Vedanta at centre of many stormsPublished by MAC on 2006-08-05
Vedanta at centre of many storms
5th August 2006
It's said that a picture is worth a thousand words. If true, seven photographs circulated to shareholders at Vedanta Resources' third annual general meeting, held in London last week, were worth a volume of stinging criticism.
They conclusively backed "dissident" shareholders' claims that the company has flagrantly violated several key orders imposed by committees of India's Supreme Court. Vedanta has failed to reduce vast waste piles at its Tuticorin copper smelter in Tamil Nadu (and indeed actually increased their height). It's illegally starting site clearance and construction for its aluminium smelter/power complex in Orissa. At its massively-oppposed Lanjiargh alumina refinery in the same state, it's positioning toxic "red mud" ponds right on the banks of the region's most important river. And its been employing contract labour in demeaning conditions, for more than a year, at a bauxite mine in the state of Chhattisgarh.
For the first time in its two and a half year history as a London-listed company, Anil Agarwal's 54%-owned outfit faced the ire of Indians at its annual meeting. Despite banning the press from attending (an act amost unprecedented for a major UK-listed public company) their outrage was registered by some of the British press.
Meanwhile, back in his country of birth, Agarwal is facing further accusations of corruption - not just with Orissa's chief minister, but also the central government's finance minister, P Chidambaram.
Location of the proposed Red Mud Pond and Ash Pond of 1 MTPA
Alumina Refinery near Lanjigarh Bauxite Deposit Kalahandi, Orissa
'Favouring' VAL: Government under fire
The New Indian Express
5th August 2006
BHUBANESWAR: The State Government on Friday maintained in the Assembly that the Supreme Court judgment on the Vedanta Alumina Limited's (VAL) project should be awaited even as the Opposition launched a scathing attack on Chief Minister Naveen Patnaik for allegedly 'showing undue favour' to the company.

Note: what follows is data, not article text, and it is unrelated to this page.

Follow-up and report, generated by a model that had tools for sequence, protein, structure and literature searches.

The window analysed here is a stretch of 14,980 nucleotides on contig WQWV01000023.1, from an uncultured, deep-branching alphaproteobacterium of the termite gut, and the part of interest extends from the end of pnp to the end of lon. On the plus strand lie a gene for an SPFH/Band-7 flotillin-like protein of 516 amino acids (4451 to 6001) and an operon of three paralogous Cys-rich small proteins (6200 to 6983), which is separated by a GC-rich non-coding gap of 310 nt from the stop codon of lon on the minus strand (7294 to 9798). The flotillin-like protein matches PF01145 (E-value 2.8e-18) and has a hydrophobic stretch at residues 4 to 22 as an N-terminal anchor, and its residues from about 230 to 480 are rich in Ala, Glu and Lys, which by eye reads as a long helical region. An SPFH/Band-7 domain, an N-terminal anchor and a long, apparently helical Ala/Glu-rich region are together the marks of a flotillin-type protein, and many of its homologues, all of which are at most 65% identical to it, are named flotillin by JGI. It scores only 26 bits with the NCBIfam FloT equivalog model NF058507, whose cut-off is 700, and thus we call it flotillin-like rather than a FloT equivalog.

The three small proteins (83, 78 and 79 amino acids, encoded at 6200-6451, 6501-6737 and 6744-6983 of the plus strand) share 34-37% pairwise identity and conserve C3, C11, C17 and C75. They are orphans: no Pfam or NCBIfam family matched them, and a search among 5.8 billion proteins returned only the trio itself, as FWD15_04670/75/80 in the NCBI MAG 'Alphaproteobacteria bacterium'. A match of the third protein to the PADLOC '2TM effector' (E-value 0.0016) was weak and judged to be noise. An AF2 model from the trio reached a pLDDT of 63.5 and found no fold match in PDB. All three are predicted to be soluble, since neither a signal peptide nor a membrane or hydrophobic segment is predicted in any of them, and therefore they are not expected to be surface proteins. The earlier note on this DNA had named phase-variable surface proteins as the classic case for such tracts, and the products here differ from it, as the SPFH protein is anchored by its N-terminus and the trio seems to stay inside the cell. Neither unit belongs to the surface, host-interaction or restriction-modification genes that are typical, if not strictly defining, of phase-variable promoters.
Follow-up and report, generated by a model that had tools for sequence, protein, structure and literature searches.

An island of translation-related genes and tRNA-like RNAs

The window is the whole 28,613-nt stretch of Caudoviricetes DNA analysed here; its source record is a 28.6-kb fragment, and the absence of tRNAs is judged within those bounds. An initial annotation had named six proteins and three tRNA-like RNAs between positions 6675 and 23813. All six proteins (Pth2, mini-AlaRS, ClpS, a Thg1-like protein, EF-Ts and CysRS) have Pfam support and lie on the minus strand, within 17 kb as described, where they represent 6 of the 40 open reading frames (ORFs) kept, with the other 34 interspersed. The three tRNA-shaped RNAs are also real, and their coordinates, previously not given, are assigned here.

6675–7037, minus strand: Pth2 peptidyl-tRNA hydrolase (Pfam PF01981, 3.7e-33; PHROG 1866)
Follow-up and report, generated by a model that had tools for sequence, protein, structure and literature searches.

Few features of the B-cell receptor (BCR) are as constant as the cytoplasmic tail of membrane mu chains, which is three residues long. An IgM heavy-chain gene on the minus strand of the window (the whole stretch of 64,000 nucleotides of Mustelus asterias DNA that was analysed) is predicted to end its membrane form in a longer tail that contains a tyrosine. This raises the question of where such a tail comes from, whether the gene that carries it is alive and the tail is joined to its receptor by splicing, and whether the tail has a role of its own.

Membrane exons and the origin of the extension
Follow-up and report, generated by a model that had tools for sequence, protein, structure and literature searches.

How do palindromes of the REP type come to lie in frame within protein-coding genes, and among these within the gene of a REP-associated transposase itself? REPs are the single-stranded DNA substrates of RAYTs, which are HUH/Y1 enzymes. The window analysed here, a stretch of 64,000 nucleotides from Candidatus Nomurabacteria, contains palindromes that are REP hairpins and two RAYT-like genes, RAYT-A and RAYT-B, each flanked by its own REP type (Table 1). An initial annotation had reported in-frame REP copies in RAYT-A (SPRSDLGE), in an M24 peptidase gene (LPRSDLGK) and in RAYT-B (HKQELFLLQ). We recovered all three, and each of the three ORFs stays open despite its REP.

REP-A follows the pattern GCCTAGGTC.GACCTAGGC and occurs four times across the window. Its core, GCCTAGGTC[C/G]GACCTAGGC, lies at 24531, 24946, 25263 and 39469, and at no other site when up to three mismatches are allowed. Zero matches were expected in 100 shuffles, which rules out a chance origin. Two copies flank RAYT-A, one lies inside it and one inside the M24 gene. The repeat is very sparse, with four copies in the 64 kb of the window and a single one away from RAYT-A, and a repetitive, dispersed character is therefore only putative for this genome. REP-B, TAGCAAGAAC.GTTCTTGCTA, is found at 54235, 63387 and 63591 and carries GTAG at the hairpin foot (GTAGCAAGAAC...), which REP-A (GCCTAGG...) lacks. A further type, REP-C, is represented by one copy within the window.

Referring to the reports of the Central Empowered Committee (CEC) and the Wildlife Institute of India (WII), Opposition members demanded that the Chief Minister should resign over the issue.
The CEC observed that the State Government has shown undue favour to the company and WII warned that mining on the Niyamgiri hills would lead to environmental and ecological disaster, Leader of Opposition J B Patnaik said and demanded further discussion on the matter.
The issue cropped up through an Opposition-sponsored adjournment motion. Pressing for the demand of Chief Minister's resignation, Lalatendu Bidyadhar Mohapatra (Cong) alleged that Naveen laid the foundation stone for the project before the Centre gave its clearance. Alleging that the company to set up its plant at Lanjigarh felled thousands of trees, Mohapatra said the State Government took no action against it for violation of the Forest Act.
Arun Dey (OGP) created a flutter by referring to the book 'Vedanta's Millions' in which it has been mentioned that the company has distributed $2.5 million as donation to political parties. There were loud protests from the ruling parties when Dey alleged that the Chief Minister and BJD leaders were recipients of the company's donation. Dey claimed that the company has been blacklisted in many foreign countries.